Robert Faughum once wrote an article called, ‘All I Ever Needed To Know I Learned In Kindergarten’ in which he said the following:
“These are the things I learned: Share everything. Play fair. Don’t hit people. Put things back where you found them. Clean up your own mess. Don’t take things that aren’t yours. Say you’re sorry when you hurt somebody. Wash your hands before you eat. Flush! Warm biscuits and cold milk are good for you. Live a balanced life. Learn to think, draw, paint, sing and dance. Play and work a little every day. When you go out into the world, watch for traffic, hold hands and stick together”.
I really can’t remember much about kindergarten but most of the above seems to ring a bell somewhere in my memory. How about you? Yet somehow life seems to get increasingly complicated the further we travel along its path. If only it could be as simple as it was in kindergarten when, in our innocence, we lived in the simplicity of life.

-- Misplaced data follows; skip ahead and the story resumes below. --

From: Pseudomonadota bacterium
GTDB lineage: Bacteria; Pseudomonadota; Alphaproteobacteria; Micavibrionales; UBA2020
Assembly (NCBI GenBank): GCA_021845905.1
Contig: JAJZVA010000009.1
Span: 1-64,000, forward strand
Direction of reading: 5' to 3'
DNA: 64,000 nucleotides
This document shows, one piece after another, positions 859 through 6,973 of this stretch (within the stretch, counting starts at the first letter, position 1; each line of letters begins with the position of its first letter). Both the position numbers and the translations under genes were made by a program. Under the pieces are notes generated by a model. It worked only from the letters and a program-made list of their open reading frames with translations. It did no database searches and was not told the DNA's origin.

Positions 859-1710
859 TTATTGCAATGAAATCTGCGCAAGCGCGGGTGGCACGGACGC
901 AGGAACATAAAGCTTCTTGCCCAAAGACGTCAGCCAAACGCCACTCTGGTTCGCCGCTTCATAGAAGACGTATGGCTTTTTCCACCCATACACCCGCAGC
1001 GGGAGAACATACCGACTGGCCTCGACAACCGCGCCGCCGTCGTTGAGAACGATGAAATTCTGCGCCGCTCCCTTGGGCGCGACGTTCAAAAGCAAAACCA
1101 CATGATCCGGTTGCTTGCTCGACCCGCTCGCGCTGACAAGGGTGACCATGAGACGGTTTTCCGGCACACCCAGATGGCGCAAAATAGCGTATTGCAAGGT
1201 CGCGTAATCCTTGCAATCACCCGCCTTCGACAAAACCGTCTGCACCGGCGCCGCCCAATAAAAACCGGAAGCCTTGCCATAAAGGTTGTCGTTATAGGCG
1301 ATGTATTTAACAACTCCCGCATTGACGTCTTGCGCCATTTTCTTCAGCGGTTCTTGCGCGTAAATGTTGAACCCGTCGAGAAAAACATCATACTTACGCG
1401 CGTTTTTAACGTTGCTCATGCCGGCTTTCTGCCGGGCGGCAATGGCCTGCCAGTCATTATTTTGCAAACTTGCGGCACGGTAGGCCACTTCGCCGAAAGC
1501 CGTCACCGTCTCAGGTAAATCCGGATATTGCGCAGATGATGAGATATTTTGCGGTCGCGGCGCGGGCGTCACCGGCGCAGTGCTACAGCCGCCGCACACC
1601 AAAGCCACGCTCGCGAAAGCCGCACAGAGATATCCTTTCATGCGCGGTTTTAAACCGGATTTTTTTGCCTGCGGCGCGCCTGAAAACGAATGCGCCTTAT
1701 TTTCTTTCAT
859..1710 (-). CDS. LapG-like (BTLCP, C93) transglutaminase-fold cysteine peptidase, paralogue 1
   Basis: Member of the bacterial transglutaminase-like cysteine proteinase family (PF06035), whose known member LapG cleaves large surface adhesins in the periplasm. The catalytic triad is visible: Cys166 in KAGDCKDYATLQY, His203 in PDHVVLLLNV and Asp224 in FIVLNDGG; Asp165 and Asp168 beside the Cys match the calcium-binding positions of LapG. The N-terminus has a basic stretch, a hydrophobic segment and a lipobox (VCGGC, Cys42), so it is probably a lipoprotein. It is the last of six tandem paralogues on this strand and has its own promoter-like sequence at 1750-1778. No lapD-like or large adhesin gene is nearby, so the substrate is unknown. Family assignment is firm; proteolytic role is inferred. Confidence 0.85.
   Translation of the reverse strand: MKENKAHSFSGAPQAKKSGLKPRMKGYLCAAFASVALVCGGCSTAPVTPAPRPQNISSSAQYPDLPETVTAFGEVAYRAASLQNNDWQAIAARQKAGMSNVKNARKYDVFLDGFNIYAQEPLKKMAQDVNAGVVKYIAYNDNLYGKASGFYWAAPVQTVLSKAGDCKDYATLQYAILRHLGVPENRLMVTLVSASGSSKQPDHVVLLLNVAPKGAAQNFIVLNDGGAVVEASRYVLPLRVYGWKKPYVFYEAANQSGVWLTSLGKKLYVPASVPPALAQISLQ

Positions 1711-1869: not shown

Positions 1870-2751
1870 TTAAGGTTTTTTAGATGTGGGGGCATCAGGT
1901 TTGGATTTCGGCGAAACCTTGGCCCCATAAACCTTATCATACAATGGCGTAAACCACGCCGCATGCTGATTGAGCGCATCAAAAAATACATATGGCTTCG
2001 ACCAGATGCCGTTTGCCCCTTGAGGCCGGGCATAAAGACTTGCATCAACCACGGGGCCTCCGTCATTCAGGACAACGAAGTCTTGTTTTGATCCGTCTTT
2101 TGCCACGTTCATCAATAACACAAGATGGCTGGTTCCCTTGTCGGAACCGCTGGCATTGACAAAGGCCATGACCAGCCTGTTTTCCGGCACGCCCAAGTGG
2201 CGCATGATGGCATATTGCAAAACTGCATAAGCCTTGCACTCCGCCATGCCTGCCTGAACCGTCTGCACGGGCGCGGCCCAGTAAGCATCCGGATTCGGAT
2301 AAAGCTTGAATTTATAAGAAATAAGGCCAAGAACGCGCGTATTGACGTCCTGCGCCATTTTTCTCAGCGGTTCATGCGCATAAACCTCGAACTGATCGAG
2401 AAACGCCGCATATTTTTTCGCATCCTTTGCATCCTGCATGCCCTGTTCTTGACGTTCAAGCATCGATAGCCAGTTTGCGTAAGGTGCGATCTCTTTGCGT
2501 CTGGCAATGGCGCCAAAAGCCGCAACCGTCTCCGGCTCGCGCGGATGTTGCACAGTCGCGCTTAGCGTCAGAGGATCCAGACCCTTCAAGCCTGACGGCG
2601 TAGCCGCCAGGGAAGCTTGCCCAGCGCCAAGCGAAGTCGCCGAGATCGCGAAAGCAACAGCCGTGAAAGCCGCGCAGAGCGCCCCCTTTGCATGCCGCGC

It seems we have this innate ability to take the simple things of life and turn them into something that we adults call “sophisticated” when, in fact, it may be nothing more than “complicated”…unnecessarily.
There’s a world of difference between ‘childish’ and ‘childlike.’ To be childish suggests to me a level of immaturity unbecoming an adult. But to be childlike suggests a simplicity and faith that remains alive and fresh despite life’s rat race and distorted values. Jesus Christ once talked about adults not being able to experience the wonder of the Kingdom of God unless they became like little children. That is not a call for immaturity in outlook and behaviour, but rather it is an acknowledgment that, for all our sophistication, and technological advance, childlike faith, trust and dependence is still the only way to come to God and daily live in His presence.